I embarked on this journey with Ceony Twill and Emery Thane over a year ago. I found The Paper Magician to be a cute, lighthearted read that appealed to me for a multitude of reasons. A young, determined heroine embarks on a chilling journey through her mentor’s heart in order to save his life. Also, the mentor just so happens to be handsome, kind, and a bit of an enigma.
But, while I enjoyed the first story immensely, the second one seemed to be a bit fumbling. There were a lot of characters that simply didn’t get enough screen time, Ceony’s decisions were almost indefensible, and the ending was… terrible. I had to take a break from the series, it was that bad.
But, here we are, finally ready to talk about my stalwart slog through what was supposed to be the final book in The Paper Magician series, The Master Magician. Beware some spoilers below.
Goodreads Rating: 3/5 Stars
This book was… frustrating. Ceony was foolish, childish, and often downright manipulative throughout the book. She was obsessed with Saraj, and unwilling to trust the people around her to do their jobs, putting herself at risk and allowing others to jeopardize their lives and livelihoods to help her.
I did not like Ceony in this book. I waited and waited for her to get her comeuppance, her karmic just desserts, or face some kind of consequences for her reckless and hurtful behavior.
… nope. She has a complete tantrum with her testing Magician, and though he’s snippy with her, that’s it. In fact, he sort of respects her more after she “stands up for herself” by screaming at him. She passes her test with only the slightest of hiccups. And all her snooping into Saraj’s whereabouts pay off when she finds Emery doing the same and they join forces to nearly get murdered, but end up saving the day.
Ceony’s ability to break her bond to paper and rebond to any magic is told to one person and then swept under the rug, never to be addressed again. And her completely pointless falling out with her sister is resolved by another stern talking to and the promise of hooking said sister up with her surly testing Magician.
Yes. You read that correctly.
So, Ceony gets everything she ever wanted, despite the fact she was a terrible person throughout this book. What really pissed me off about it was that her actions and obsession with Saraj are attributed to her PTSD over the events in the second book. I think Holmberg meant for it to come across as her seeking closure, that Ceony couldn’t take the next step in her life (passing her Magician’s exam, marrying Emery, etc.,) until she put Saraj and the Excisioners behind her.
What better way to do that than hunt down a known murderer yourself?
I also had problems with Ceony’s methods. She tracked down Saraj multiple times using her magic, which was cool to see, I guess. But Criminal Affairs, you know, the freaking magic police, couldn’t find him? Give me a break!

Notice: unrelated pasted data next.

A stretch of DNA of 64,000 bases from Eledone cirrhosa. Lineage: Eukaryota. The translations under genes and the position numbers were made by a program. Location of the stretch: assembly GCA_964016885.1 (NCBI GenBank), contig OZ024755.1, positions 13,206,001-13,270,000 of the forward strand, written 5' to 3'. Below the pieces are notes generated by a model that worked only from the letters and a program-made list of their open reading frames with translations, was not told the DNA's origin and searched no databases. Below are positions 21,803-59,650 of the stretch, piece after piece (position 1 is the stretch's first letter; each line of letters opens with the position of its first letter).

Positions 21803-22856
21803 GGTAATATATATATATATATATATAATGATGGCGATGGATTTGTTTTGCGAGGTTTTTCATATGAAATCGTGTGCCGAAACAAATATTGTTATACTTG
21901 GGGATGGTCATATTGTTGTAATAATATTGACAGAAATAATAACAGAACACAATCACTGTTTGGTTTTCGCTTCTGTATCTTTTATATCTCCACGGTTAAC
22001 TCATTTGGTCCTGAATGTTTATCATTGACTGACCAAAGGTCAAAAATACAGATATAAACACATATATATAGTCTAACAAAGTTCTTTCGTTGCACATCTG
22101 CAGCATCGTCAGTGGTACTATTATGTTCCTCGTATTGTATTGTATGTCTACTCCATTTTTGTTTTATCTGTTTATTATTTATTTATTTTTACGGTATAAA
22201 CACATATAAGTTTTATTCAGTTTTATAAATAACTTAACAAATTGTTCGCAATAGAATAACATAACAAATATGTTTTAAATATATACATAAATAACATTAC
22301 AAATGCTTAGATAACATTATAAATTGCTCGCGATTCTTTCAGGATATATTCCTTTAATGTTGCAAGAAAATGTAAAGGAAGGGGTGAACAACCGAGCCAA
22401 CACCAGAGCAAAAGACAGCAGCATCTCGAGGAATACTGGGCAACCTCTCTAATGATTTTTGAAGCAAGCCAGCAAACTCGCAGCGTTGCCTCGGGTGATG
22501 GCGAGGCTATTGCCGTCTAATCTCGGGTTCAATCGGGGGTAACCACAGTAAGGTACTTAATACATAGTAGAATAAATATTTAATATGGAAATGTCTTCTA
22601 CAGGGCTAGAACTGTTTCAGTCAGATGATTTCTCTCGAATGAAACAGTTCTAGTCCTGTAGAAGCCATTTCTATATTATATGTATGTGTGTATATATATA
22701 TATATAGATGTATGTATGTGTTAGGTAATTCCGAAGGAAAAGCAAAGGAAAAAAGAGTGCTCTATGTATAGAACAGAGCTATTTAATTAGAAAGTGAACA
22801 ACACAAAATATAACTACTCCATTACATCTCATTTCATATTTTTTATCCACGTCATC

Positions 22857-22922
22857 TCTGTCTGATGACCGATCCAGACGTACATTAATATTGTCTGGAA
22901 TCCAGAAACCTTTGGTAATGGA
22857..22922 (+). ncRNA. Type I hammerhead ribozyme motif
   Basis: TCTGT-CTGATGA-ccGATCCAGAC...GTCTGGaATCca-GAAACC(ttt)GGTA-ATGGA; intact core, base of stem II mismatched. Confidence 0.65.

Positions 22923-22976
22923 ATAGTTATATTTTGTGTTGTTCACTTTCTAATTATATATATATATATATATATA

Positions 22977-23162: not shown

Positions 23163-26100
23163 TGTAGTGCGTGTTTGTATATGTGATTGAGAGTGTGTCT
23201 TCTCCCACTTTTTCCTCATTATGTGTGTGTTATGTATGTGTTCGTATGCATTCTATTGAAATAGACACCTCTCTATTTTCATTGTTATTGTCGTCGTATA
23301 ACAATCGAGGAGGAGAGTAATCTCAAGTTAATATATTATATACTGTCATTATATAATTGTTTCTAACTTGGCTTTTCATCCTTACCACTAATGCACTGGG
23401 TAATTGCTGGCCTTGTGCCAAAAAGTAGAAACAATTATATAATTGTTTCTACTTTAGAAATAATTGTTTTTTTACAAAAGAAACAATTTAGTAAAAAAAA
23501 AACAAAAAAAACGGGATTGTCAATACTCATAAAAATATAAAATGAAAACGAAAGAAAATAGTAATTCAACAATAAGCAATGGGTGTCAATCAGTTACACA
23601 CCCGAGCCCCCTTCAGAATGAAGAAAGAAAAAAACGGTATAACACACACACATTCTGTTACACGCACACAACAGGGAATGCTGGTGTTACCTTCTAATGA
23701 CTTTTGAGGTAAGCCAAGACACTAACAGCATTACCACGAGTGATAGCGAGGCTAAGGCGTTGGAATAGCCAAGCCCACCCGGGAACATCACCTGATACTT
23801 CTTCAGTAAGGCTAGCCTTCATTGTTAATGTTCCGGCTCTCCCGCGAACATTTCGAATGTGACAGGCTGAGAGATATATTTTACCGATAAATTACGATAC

By page 130 I was prepared to give up on this book. Truly. I rarely give up, but I was so frustrated and disappointed that I wasn’t sure I could get through another 70 pages. But, I buckled down, got cozy in bed with a bunch of pillows, and made it happen.
And… I’m glad I did. This was not a good book. It was not a good way to end this series. I, obviously, have a lot of issues with it. But, those last 70 pages were fun and easily the best part of the whole book. Seeing Emery and Ceony work together to take out Saraj was really awesome, and it was written surprisingly well. I’m happy that Emery gets his happy ending.
I just wish Ceony could have suffered more consequences and had a growth arc of some kind. Because she was a petulant child through this whole series, and that was never addressed.
There is now a fourth book in the series, The Plastic Magician. It follows another newly graduated student as she becomes a Polymaker. I am not going to read it. To me, it sounds like The Paper Magician all over again, but with a ‘different’ character. A young woman come from America to study under a mentor in her field. There’s romance, intrigue, and magic. Lather, rinse, repeat.
Reviews on Goodreads are mixed, with most folks stating they like the main character more than they liked Ceony, which is understandable. But that the plot was just meh. Which, I also find likely.
Ultimately, I have so many other books queued up, waiting for my attention, that I can’t waste time on more Holmberg books. At least, not for a long, long time. Maybe in a year or two I’ll come around and decide to give it a chance. Maybe.
Ugh. I hate writing critical reviews. I know how much effort and work goes into writing a novel. I know that Charlie N. Holmberg loves her characters like they’re children, little pieces of herself that she put out into the world. I’m sorry. I really did love the first book. I just… didn’t love the other two.
I’m chipping away at Kill the Farm Boy and Side Jobs, and Brief Cases showed up on the hold shelf yesterday. I’ve got Nightflyers chilling on my entry table, along with Midnight Riot, and the digital audio for Bloodlist downloaded and waiting.
I have a lot of reading/listening ahead of me!
Until then, Bloggos,